Since 2010, Rockford police officers have participated in training on how to deal with people with mental health issues. Both Chief Epperson and Chief O’Shea have strong relationships with the mental health providers in the area including Rosecrance/Janet Wattles. These are important relationships to establish and maintain and as Mayor, I would require our police department to not only continue this practice, but to continue to partner on methods and methodologies that give officers the practical tools and resources to better manage the mental health crisis they encounter.
The National Council for Behavioral Health recommends a program called Mental Health First Aide, which brings a practical, demonstrated approach to build mental health literacy and help identify, understand and respond to signs of mental illness. The current mental health training our police officers experience is similar in structure and design to this national program. This type of training should be a part of the training curriculum for every newly hired police officer and recertification should be required every two years.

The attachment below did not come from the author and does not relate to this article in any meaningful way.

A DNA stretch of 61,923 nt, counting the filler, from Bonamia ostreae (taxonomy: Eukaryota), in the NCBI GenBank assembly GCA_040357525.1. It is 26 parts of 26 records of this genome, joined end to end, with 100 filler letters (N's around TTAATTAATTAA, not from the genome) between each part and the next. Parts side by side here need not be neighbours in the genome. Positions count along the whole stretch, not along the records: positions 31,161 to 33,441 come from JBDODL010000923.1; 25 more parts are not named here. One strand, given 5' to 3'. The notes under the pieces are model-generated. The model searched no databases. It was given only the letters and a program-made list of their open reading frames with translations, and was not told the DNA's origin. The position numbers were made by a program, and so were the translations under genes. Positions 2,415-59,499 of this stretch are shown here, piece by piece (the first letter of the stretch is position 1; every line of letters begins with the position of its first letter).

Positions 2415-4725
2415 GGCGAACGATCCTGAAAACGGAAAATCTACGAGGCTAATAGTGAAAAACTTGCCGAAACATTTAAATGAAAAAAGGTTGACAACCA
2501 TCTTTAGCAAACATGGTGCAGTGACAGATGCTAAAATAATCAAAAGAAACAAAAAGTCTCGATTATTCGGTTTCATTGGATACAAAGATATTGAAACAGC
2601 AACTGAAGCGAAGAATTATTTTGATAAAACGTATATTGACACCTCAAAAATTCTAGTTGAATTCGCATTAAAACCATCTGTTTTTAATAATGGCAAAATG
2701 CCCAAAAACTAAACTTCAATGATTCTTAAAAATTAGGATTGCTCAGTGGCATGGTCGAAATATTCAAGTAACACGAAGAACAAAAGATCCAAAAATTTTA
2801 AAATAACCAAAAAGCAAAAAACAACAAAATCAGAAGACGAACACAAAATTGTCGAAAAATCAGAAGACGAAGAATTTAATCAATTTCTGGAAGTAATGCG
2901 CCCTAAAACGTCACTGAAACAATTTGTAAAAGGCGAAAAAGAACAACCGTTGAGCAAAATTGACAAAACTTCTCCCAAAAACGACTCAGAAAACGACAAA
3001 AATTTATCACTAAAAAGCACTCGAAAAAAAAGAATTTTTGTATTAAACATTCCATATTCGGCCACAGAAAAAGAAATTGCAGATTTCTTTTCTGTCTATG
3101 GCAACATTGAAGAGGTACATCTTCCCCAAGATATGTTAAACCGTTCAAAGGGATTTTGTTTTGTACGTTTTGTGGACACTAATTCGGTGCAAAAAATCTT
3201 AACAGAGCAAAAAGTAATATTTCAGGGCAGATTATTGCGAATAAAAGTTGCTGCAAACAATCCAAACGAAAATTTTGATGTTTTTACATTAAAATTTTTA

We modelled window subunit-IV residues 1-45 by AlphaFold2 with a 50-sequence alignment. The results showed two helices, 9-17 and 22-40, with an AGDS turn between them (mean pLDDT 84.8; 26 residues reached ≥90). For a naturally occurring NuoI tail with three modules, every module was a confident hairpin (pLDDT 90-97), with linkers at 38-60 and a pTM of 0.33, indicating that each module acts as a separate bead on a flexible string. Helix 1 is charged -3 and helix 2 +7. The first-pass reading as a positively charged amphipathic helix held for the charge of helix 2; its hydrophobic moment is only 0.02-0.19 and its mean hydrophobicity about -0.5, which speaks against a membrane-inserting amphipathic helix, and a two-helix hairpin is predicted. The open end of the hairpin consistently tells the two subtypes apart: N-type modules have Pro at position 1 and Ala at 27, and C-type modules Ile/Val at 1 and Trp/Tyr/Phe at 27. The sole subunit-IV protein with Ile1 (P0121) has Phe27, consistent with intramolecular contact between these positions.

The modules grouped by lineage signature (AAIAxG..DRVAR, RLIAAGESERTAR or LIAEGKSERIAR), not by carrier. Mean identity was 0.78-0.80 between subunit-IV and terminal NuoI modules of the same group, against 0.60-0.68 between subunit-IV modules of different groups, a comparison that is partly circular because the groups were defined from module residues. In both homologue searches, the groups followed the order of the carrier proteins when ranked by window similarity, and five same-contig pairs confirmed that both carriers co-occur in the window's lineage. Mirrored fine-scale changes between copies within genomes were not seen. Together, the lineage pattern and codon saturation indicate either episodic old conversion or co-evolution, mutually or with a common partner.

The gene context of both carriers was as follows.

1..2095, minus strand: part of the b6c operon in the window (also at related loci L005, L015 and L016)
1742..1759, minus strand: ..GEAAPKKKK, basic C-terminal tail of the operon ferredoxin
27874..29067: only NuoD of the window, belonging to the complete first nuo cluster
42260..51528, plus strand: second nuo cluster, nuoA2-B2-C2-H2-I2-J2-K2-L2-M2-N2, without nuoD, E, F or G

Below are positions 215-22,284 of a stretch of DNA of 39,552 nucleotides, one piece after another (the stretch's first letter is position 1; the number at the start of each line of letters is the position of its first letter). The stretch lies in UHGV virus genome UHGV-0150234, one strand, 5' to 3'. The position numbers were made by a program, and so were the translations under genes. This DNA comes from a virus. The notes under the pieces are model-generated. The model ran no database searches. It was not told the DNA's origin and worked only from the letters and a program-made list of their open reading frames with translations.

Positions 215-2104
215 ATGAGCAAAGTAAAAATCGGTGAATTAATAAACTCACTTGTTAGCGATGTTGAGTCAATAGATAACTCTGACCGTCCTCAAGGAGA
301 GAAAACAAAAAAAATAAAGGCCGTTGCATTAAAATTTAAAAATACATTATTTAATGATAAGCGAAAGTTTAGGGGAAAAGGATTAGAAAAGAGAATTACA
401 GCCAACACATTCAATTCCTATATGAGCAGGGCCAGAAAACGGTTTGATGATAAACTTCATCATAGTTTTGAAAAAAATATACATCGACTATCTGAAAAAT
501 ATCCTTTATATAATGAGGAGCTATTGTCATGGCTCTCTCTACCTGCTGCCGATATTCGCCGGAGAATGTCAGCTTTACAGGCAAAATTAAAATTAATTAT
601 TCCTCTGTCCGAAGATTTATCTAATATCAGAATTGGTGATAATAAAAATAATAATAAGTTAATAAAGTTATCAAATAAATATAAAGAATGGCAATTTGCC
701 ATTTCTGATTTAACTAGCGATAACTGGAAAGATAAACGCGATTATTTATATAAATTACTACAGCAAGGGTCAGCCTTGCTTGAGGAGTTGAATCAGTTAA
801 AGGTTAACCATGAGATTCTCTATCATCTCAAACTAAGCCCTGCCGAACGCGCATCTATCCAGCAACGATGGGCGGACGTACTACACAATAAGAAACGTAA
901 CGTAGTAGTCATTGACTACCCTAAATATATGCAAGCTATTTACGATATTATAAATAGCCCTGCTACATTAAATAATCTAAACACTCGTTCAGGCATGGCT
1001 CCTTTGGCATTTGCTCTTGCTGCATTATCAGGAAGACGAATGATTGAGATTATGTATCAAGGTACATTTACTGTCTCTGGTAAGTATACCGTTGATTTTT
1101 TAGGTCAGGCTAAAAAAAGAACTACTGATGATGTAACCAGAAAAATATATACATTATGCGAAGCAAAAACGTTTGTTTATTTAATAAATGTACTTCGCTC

We also need to explore some of the natural partnerships with mental health providers that are already in place. Our department has a Domestic Violence Unit. This unit partners with the Winnebago County Domestic Violence Assistance Center, PHASE/WAVE and other groups. I would like to take these partnerships one step further and integrate staff or volunteers into our three stations so that our officers and our victims have immediate access to support and assistance. Bringing these resources into our stations would provide our officers and the community immediate access to professionals training in recognizing and providing solutions for those in a mental health crisis that can lead to or be a result of domestic violence.
When we discuss a safe, healthy community, we must make mental health solutions a part of that discussion. Integrating mental health literacy and the best practices in managing those issues needs to be an integral part of our police department training.
Mental Health – Funding
In 2011, Linda Rosenberg, President & CEO, National Council for Community Behavioral Healthcare stated in an article to raise awareness for Mental Health Week, “The Centers for Disease Control and Prevention (CDC) find that about half of U.S. adults will develop a mental illness during their lifetime. One in four adults experiences a mental disorder in any given year, and one in 17 lives with a serious mental illness like schizophrenia, major depression or bipolar disorder. By 2020, mental and substance use disorders will surpass all physical diseases worldwide as major causes of disability.”